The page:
Beitler asked the hard questions

Mike Beitler may not have received as many votes as the polls indicated he would, but he said he’s pleased with the election results because of the campaign staff and organization he’s built.

“I am ready to turn this all over to Mike Munger,” Beitler said, referring to the party’s last gubernatorial candidate. Many state Libertarians expect Munger, a Duke University professor, will run again in 2012. Munger got nearly three percent of the vote for governor in 2008, which allowed the state Libertarian Party to remain ballot qualified.

Beitler said it’s time for the Libertarians to get past the idea of just staying on the ballot and start building an organization that runs and wins elections. He said he entered the race in order to “ask the hard questions” of the two establishment candidates.

“The establishment parties will continue to drive our country off the cliff until the American people wake up to the reality that both establishment parties will continue to serve their lobbyist corporate masters to the detriment of the American people,” Beitler said in a thank you message on his campaign blog.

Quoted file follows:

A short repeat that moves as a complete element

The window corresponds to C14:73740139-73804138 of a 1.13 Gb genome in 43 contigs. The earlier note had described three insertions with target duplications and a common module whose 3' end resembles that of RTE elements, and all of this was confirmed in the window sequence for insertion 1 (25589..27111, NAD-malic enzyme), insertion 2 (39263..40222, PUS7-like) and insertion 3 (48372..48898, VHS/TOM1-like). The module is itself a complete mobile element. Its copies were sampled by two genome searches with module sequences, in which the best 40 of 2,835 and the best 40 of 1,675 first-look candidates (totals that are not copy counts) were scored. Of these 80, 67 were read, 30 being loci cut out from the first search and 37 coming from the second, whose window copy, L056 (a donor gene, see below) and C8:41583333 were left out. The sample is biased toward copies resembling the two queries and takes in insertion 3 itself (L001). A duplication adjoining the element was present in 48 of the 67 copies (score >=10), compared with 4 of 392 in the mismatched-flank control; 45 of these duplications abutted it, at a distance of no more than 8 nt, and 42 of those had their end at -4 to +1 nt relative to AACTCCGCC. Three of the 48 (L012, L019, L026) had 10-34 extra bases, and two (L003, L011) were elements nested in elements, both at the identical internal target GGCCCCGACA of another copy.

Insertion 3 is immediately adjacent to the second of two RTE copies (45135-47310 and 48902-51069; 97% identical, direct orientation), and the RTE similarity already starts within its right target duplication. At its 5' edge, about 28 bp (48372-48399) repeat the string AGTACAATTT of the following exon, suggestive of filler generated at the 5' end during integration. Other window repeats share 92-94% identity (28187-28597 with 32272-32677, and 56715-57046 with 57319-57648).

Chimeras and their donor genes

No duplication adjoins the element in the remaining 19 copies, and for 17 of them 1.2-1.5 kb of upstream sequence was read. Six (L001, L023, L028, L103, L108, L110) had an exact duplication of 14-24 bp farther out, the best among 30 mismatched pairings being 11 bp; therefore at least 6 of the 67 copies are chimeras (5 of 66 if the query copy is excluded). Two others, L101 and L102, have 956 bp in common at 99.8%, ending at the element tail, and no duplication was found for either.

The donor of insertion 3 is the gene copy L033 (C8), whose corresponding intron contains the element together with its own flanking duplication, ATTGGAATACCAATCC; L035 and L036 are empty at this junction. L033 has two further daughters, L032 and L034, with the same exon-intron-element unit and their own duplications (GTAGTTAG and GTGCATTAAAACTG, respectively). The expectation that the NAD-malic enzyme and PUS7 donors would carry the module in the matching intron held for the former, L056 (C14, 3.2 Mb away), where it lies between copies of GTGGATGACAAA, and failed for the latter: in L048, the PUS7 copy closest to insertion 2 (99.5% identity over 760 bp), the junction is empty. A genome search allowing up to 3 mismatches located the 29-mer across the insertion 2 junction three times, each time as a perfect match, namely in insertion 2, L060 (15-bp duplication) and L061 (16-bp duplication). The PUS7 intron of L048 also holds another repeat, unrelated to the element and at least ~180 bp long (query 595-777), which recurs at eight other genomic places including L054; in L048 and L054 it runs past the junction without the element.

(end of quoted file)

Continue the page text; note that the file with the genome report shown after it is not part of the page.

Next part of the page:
“My goal was to let the voters know that there is an alternative in North Carolina to this bloated, outdated two-party system, and if what you desire is real change, then you need to do something different.”

Beitler’s vote total of 55,201, representing 2.1 percent of the vote, is the second highest for a Libertarian U.S. Senate candidate. Chris Cole garnered the Libertarian highest vote totals, 133,430 votes (3.1 percent) in the historical 2008 presidential election year. But voter turnout that year was a record-shattering 70 percent. In most elections, especially off-year elections, voter turnout in this state hovers around 43 percent.

The North Carolina Libertarian Party has fielded a candidate in every U.S. Senate race since 1996.

Libertarian U.S. Senate candidate votes

  • 2010: Mike Beitler, 55,201votes (2.1%)
  • 2008: Chris Cole, 133,430 votes (3.1%)
  • 2004: Tom Bailey, 47,743 votes (1.4%)
  • 2002: Sean Haugh, 33,807 votes (1.5%)
  • 1998: Barbara Howe, 36,963 votes (1.9%)
  • 1996: Ray Ubinger, 23,296 votes (1%)